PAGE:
Project Linus volunteers create blankets, bunnies for children

Project Linus volunteers create blankets, bunnies for children

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Elaine Westjohn, left, and Sue Langenfeld are two of the more than 100 volunteers making blankets as part of National Project Linus Make a Blanket Day. Westjohn has been participating for about five years and Landenfeld at least 10. Herald & Review/Lisa Morrison

DECATUR - The whole is often greater than the sum of its parts, and that's certainly true of the annual Project Linus Make a Blanket Day.

Held for the third consecutive year in Decatur Memorial Hospital, the local observance Saturday brought together a crazy quilt of about 120 blanketeers from across Central Illinois to produce 876 cuddly bits of comfort for children coping with serious illness or trauma.

They filled the hospital's classrooms with fabric, sewing machines, conversation and laughter.

"Some showed up this morning ready to go at 8:10 when the event doesn't officially start till 9 o'clock," said Mary Balagna, coordinator of the Central Illinois Chapter of Project Linus.

Among the special projects this time was customizing Cuddle Critter bunnies for Easter - about 100 of them - part of more than 500 that came to the chapter as part of a special promotion by the now-defunct Borders bookstores. "The bunnies are multiplying," Balagna joked.

When finished, each plush toy holds an 18-inch square quilt made from a colorful print.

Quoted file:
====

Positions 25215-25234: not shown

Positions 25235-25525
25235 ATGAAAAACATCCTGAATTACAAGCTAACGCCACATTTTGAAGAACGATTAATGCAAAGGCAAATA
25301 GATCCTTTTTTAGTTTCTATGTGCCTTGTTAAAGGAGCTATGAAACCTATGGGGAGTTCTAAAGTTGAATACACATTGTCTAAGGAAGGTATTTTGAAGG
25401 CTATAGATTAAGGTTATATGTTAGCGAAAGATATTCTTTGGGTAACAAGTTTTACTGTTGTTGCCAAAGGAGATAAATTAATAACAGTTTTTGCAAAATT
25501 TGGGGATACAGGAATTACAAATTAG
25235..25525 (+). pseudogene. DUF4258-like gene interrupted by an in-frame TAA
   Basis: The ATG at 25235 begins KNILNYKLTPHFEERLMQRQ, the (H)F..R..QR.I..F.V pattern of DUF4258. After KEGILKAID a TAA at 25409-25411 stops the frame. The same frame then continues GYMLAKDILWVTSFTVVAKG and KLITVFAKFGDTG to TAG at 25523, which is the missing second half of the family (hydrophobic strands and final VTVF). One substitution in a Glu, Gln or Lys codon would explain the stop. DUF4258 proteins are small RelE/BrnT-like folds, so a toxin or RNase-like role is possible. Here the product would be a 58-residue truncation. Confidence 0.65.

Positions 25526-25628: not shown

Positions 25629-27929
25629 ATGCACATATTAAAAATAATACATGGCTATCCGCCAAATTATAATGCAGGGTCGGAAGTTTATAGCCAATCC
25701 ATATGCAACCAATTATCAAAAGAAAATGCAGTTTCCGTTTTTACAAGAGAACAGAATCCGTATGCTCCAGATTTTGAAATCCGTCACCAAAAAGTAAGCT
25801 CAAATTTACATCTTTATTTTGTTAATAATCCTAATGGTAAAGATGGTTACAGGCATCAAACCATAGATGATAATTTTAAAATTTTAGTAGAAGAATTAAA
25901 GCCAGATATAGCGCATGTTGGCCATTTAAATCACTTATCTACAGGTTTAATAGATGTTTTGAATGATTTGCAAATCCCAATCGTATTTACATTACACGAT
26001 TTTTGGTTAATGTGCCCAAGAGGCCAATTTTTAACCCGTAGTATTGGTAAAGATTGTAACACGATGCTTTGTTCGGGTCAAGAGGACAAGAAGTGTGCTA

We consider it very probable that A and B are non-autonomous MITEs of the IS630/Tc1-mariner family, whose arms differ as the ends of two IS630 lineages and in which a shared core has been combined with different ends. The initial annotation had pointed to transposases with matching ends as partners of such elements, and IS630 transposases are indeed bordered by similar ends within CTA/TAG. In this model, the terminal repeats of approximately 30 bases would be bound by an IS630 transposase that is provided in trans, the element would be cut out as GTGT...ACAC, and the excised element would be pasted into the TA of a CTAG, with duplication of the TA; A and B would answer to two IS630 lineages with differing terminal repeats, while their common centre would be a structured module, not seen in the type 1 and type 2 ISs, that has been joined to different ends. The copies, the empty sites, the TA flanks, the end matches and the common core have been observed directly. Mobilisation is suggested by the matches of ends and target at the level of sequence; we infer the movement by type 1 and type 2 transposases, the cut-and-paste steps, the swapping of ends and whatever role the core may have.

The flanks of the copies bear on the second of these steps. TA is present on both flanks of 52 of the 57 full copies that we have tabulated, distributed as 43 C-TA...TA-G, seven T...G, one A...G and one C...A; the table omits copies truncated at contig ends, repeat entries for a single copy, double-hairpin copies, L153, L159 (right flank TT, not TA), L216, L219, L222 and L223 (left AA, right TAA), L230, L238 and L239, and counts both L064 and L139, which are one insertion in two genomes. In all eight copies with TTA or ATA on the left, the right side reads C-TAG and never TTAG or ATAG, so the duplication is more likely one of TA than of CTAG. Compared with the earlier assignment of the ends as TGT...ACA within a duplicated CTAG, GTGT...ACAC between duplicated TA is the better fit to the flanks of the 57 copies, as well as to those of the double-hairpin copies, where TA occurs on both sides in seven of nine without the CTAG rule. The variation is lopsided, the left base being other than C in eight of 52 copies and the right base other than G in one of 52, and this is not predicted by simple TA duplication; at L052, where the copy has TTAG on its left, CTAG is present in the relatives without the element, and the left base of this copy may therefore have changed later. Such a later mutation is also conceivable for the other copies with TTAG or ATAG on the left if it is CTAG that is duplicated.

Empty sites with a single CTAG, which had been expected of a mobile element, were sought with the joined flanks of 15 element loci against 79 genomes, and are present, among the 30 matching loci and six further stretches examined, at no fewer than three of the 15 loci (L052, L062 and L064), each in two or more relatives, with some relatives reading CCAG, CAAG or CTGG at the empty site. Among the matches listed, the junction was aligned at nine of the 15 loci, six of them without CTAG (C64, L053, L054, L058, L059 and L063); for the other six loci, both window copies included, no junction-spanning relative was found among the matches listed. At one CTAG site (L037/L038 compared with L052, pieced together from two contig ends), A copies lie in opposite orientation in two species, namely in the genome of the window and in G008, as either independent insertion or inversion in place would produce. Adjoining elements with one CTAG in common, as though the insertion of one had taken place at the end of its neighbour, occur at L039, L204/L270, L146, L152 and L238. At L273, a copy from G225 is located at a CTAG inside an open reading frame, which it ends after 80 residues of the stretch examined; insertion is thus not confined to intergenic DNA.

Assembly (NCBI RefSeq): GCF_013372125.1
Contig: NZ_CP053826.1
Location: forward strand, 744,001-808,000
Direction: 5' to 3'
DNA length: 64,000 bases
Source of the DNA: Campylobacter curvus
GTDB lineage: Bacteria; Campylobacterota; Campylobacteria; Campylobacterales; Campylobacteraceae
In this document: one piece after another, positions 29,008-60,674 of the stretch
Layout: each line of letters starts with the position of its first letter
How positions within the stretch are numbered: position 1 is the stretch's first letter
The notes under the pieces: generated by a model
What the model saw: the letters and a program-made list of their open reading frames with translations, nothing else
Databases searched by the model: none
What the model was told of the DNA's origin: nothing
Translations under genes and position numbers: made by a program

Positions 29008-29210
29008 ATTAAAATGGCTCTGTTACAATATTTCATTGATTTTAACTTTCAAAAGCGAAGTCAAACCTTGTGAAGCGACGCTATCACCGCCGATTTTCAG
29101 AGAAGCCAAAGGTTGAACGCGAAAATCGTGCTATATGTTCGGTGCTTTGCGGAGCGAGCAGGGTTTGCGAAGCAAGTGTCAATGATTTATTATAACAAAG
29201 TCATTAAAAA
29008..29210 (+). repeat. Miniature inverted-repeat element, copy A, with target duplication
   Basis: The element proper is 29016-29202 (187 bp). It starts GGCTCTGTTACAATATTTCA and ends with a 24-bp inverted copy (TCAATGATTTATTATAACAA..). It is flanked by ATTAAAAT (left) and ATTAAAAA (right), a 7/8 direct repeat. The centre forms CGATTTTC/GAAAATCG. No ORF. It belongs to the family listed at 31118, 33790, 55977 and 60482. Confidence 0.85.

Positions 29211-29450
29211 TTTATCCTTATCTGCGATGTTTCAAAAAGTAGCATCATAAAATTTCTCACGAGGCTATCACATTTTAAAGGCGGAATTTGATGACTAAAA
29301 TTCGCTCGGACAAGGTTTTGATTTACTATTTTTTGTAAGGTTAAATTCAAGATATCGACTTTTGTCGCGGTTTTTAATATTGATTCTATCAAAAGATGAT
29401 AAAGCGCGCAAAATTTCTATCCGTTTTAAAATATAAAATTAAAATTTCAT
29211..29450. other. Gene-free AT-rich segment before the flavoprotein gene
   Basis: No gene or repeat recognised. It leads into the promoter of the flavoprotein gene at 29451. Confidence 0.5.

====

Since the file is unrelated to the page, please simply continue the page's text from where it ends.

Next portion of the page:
As Balagna awarded door prizes and played other games with the group at large, Denise Carter at one point tossed a spool of thread to the winner of a memory game played by nearly a dozen members of the Maroa Library Quilters off in one corner.

Carter is the children's program director at the Maroa Public Library, and the recipient of the thread was her friend Terri Tate, who lives north of Forsyth.

Another friend, Hilda Crystal of Oreana, gave Carter some quilt blocks back in 2004, so she passed them out to unsuspecting library patrons, including Tate. The Maroa Library Quilters, which meets every Tuesday, was born.

"All I wanted was a library book," Tate said in mock complaint.

Members of the group range in age from Mary Hofner, 29, to Mary Mayberry and Joy Gardner, both 72, and all three residents of Maroa, but feel they can talk to one another about anything. "It's kind of like therapy," Gardner said.

Karen Halicki of rural Maroa, who was giving a toy bunny a blanket covered with tiny tractors, said she enjoys the different projects the group takes on. "We learn from each other," she said.

"We learn from their mistakes," added Christi Brown of Clinton, drawing laughs from around the table.

Janice Leach, who operates a day care in her Maroa home, has seen firsthand how much Project Linus blankets mean to the children who receive them.

She said one of her charges got one in the hospital as a preschooler and still likes to keep it close years later.

In the room where most of the blanketeers were working Saturday, 40 Boo-Boo Kids Challenge Quilts lined the walls.

The fundraising portion of the challenge garnered $3,800, with the top vote-getters Ruth Wright of Moweaqua, first; Linda Strate of Forsyth, second; Sally Wilcoxen of Allenville, third; and Linda Busbey of Forsyth, honorable mention.

In the judged category, JoAnn Holtzscher of Weldon won first place, Linda Kirby of Decatur was second, Debbi Dillman of Urbana took third, and there was an honorable mention for Debbie Kramer of Decatur. 421-7978



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